Part art, part science, asset allocation is the mix of a portfolio’s stocks, bonds and other investments that can help it meet a particular goal. In an oft-cited study, Brinson, Hood and Beebower noted that asset allocation—not investment acumen or market timing—accounts for more than 90 percent of an investment’s return.
Asset allocation is supposed to limit the downside by spreading risk around. When some asset classes falter, others rise, the thinking goes.
But in the 2008–09 market rout, even the most diversified portfolio took a beating as all asset classes sank in tandem, and it took many years to recoup those losses.
Many investors responded by retreating out of stocks. It took them many years to tiptoe back in.
“You need to think about the asset allocation that’s going to keep you invested over the long term,” said Robert Stammers, director of investor education at the CFA Institute.
Your age may dictate your asset allocation. But you need to temper it with your own investment behavior, Stammers said.
Building blocks of asset allocation
The main difference between aggressive and conservative portfolios comes down to the balance between stocks and bonds. There’s little difference between the stock portfolio of a 20-something and that of a retiree, other than the amount of stocks each owns.
Within equities, financial professionals urge investors to make sure to diversify among domestic and international stocks, since they often move in opposite directions. Also include small- and large-cap stocks to capture the performance of different company sizes.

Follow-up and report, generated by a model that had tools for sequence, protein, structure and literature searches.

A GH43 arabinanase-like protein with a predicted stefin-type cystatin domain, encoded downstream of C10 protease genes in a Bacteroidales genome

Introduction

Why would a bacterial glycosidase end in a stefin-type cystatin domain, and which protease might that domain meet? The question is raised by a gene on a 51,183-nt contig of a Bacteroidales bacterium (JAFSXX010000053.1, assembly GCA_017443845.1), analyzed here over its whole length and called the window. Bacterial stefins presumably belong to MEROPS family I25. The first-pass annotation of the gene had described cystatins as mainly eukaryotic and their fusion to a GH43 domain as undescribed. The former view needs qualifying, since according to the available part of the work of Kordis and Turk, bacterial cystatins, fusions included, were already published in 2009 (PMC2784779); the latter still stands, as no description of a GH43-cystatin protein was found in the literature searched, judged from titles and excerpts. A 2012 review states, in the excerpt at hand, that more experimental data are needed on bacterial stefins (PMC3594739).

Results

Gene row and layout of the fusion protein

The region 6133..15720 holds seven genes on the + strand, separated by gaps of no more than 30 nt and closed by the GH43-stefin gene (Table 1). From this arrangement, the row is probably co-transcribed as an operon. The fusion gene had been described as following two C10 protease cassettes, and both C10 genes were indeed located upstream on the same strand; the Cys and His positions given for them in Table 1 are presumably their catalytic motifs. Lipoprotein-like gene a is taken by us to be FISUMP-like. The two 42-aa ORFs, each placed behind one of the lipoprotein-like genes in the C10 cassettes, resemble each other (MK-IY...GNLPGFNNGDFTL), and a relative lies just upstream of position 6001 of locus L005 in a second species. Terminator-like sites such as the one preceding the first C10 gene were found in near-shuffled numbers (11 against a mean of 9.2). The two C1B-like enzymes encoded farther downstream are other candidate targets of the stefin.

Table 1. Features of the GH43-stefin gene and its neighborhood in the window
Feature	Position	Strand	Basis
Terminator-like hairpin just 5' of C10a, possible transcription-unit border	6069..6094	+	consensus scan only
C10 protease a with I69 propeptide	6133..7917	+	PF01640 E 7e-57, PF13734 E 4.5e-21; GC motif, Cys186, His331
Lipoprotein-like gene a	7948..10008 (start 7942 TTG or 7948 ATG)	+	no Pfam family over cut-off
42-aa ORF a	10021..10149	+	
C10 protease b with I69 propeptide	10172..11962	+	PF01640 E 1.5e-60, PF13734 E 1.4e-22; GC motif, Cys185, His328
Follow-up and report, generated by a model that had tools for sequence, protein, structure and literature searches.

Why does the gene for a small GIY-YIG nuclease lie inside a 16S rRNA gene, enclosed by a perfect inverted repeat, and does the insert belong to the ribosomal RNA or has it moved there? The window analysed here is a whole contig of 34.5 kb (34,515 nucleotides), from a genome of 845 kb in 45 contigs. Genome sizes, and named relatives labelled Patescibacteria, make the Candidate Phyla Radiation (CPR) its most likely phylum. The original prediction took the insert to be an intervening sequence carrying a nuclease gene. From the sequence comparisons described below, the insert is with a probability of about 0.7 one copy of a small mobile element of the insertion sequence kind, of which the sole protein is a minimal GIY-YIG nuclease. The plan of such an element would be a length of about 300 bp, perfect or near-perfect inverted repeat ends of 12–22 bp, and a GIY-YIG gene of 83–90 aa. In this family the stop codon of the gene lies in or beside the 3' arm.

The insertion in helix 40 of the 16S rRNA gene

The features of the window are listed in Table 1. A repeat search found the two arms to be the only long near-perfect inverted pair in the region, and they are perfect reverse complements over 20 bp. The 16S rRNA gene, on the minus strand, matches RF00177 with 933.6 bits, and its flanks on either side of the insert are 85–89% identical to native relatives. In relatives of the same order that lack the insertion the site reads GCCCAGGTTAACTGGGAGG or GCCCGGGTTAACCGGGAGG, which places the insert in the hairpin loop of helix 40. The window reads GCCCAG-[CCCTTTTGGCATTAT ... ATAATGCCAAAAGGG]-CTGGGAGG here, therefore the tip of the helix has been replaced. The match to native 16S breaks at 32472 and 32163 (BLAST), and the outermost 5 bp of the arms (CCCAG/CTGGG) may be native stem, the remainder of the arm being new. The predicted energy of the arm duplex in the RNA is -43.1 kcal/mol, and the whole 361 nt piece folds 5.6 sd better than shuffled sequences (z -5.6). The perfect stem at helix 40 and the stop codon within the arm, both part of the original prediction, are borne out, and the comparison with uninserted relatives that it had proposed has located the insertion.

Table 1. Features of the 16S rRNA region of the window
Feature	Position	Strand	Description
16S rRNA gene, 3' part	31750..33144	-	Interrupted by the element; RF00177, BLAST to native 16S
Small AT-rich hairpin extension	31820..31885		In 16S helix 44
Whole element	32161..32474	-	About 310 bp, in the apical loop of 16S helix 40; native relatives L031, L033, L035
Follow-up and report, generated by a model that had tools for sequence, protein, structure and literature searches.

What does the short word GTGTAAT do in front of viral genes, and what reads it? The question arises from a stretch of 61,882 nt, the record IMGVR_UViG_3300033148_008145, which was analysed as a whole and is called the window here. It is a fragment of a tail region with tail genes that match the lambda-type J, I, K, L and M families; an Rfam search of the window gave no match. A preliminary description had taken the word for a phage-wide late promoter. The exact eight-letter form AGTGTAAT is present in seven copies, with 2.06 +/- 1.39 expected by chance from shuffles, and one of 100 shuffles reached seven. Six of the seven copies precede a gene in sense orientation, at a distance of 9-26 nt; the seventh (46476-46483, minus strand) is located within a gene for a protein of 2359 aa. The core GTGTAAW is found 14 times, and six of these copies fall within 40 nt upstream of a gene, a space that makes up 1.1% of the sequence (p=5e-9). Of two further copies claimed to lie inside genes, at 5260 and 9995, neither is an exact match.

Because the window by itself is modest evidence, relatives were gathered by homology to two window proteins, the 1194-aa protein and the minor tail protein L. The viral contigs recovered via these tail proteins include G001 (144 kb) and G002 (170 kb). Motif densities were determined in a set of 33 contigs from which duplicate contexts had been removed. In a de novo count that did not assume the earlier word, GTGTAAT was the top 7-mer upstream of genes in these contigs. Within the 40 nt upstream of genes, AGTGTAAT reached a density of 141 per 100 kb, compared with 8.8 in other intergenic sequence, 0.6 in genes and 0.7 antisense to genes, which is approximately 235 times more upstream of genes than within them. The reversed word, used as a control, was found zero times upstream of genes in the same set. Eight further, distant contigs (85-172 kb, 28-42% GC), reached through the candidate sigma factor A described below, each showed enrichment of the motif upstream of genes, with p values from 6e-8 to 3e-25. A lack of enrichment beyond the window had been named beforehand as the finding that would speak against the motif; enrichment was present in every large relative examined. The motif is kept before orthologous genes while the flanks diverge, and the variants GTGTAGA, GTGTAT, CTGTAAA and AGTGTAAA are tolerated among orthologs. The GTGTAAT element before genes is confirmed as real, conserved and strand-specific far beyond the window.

But investors don’t need to slice their equities too thinly with alternative investments. “Alternatives are very confusing, and even a lot of advisors aren’t that familiar with them,” said Dory Rodriguez, wealth advisor with HighPoint Planning Partners.
Read More How to solve the Social Security puzzle
Real estate is an exception, and many financial advisors recommend 5 percent to 10 percent allocation toward real estate investment trusts in most portfolios. However, REIT dividends are taxed as ordinary income, so hold them in tax-sheltered accounts, such as 401(k) plans and individual retirement accounts, to avoid the tax hit.
When it comes to bonds, a mix of corporate, Treasury and high-yield bonds diversifies across industries and interest-rate exposure.
Decade by decade
Below are the recommended asset allocations for investors saving for long-term goals at different ages.
20s to 30s: The conventional wisdom holds that people in their 20s and 30s can load up on risk because they’ve got plenty of time to ride out inevitable rough patches. Many advisors recommend all-stock portfolios for this demographic.
But not every young investor can stomach what the market dishes out. In fact, millennials—the generation born between 1982 and 2004—are decidedly skittish when it comes to stocks. According to personal finance website Bankrate.com, just 26 percent of people under 30 own stocks at all.
That’s why certified financial planner Joe Pitzl, a partner with Pitzl Financial, believes young investors may need to ease into stocks. “If you take that extra risk early on and scare them so they never take that extra risk in the future, then you’ve done them a disservice,” he said.